What is a collapsed disc?

A collapsed disc is a common term used to describe a disc in the spine that has lost its height or shape and is creating weakness within the spine.

This condition can also be called by several other names, including degenerative disc, herniated disc or bulging disc. While the collapsed disc itself does not cause any pain (although it can lead to other problems in the spine), a variety of pain and symptoms can occur if the collapsed disc expands out into the spinal canal and presses against a nerve root or the spinal cord. Symptoms can begin in the spine and radiate through the nerve pathway, extending into the closest extremity, like the arm or leg. Such symptoms can include:

  • Pain
  • Muscle weakening or slower reflexes
  • Numbness or tingling
  • Limited mobility

The first step to find relief for these symptoms is to schedule an appointment with your physician and determine the cause of your condition. This information will help your doctor recommend the best treatment option based on the cause of your collapsed disc and your pain symptoms.

Causes of a collapsed disc

A disc can lose height and shape for a number of reasons, but the most common cause is the natural weakening of the spine with age. The aging process can lead to a number of conditions that affect the discs, such as:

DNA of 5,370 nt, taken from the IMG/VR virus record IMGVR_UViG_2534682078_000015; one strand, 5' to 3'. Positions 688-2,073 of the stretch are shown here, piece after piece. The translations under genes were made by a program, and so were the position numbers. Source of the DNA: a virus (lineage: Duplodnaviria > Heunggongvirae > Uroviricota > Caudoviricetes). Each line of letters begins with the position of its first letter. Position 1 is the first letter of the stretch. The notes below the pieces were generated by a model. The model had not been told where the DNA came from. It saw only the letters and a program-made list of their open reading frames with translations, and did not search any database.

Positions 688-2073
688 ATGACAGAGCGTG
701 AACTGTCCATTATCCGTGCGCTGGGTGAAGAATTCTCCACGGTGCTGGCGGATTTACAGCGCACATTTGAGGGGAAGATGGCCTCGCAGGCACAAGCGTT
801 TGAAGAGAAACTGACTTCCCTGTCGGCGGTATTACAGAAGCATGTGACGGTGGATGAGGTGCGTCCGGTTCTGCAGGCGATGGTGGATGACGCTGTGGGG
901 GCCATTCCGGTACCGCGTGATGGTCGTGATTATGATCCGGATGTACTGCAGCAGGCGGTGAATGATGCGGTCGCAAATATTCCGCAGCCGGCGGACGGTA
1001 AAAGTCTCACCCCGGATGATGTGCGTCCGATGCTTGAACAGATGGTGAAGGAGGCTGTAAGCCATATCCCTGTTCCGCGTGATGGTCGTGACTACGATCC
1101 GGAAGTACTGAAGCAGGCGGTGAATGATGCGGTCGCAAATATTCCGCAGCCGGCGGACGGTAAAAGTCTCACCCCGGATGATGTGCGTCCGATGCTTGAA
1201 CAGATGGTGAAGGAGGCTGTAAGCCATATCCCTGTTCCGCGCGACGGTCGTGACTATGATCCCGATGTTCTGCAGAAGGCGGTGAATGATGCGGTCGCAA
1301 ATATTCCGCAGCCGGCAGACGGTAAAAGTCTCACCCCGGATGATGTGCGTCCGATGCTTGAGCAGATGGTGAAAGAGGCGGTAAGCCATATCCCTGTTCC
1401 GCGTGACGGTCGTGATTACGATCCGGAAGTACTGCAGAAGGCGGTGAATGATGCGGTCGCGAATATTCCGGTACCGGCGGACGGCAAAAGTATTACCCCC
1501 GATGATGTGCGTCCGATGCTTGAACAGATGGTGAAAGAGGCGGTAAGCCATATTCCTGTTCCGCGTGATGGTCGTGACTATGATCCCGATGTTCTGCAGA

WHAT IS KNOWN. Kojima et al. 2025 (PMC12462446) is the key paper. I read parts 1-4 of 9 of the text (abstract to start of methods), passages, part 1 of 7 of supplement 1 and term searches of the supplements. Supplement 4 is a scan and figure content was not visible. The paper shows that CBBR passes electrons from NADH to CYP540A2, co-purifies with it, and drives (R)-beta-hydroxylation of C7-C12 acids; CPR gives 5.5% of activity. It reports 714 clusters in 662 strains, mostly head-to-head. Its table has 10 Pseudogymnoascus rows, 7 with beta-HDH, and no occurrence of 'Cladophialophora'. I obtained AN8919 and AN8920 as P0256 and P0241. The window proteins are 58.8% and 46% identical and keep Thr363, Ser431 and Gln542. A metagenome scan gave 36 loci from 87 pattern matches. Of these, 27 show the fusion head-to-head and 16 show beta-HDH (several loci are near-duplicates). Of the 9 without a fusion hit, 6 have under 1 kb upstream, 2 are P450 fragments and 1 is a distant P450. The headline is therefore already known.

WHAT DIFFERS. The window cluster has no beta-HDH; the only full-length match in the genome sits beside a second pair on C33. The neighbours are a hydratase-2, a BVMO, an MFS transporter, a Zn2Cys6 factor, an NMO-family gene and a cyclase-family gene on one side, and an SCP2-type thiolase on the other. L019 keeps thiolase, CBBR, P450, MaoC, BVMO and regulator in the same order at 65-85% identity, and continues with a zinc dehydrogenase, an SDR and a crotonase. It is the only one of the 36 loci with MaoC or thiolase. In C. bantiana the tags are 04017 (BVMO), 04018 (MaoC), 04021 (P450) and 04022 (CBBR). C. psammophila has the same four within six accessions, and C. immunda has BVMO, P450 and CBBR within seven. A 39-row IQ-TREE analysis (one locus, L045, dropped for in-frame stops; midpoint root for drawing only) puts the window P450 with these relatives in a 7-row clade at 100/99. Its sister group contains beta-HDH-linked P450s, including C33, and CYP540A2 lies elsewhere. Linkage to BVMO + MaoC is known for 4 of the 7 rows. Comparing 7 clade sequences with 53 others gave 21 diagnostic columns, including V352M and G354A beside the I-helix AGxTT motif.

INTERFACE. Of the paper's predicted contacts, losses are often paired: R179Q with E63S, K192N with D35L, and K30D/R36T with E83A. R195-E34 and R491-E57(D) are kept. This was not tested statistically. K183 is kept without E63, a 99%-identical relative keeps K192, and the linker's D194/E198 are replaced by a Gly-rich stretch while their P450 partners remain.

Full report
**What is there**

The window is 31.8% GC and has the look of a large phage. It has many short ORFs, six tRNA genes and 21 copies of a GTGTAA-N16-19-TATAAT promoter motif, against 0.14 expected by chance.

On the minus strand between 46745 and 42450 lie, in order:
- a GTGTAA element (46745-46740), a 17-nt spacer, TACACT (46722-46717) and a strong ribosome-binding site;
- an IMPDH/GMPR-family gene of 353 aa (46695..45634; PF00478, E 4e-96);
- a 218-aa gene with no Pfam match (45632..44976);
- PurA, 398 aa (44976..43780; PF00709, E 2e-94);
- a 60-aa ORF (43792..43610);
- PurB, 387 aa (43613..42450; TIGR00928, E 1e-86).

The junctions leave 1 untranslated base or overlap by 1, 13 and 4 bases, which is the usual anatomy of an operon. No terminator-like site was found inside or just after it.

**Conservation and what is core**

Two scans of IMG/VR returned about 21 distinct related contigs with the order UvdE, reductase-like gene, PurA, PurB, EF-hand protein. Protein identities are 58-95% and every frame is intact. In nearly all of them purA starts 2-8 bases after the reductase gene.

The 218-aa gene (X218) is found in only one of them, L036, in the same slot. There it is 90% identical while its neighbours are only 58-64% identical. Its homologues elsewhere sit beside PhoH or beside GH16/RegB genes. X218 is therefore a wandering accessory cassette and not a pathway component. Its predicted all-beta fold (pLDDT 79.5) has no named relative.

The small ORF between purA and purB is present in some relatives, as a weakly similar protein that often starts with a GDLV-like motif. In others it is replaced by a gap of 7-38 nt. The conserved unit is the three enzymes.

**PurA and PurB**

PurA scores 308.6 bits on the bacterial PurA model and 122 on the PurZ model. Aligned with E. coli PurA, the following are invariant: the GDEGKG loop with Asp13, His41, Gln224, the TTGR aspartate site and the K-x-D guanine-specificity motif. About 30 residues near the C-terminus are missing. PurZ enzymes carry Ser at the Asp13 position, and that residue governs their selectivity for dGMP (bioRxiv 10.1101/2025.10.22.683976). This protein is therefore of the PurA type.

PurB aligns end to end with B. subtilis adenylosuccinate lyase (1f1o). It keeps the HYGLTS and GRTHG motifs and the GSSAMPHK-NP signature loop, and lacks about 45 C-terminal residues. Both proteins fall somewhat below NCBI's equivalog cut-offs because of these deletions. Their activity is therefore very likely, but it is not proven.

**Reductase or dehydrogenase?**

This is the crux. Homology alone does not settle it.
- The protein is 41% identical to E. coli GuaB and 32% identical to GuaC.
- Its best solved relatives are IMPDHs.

• Degenerative disc disease — After years of continued wear, discs can dry out and shrink, which can reduce the height and shape of a disc and cause the surrounding vertebrae to lack support.
  • Herniated discs — A herniated disc occurs when the gel-like center of a disc (the nucleus pulposus) presses through a tear in the disc’s tough exterior (the annulus fibrosus). If a considerable portion of the inner fluid seeps into the spinal canal, a loss of disc height can occur.

Treatments for a collapsed disc

Because a collapsed disc is often caused by age, there are several conservative and surgical treatments available to help alleviate the pain and symptoms of this condition.

Conservative treatments are often used first for degenerative conditions affecting the neck and back. These treatments include prescription or over-the-counter pain medications, heat therapy, bed rest and physical therapy.

Patients who receive little relief from these noninvasive treatments may require surgical treatment. If you are faced with the decision to undergo spine surgery for a collapsed or damaged disc, contact Laser Spine Institute.

Our minimally invasive spine surgery offers patients a safer, more effective alternative to traditional open back surgery. To treat a collapsed disc, our surgeons perform either a decompression or stabilization surgery, though many patients are able to find relief through a decompression procedure. A decompression surgery is performed through a less than 1-inch incision and removes a small piece of the damaged disc that is pressing on the nerve root. A stabilization surgery, also performed through a small incision, removes the entire damaged disc and replaces it with an artificial disc and/or bone graft to stabilize the spine.

Both procedures offer our patients a lower risk of complication and shorter recovery time^ than experienced with traditional open neck or back surgery.

To find out if you are a candidate for our minimally invasive spine surgery, contact Laser Spine Institute today and request a review of your MRI or CT scan.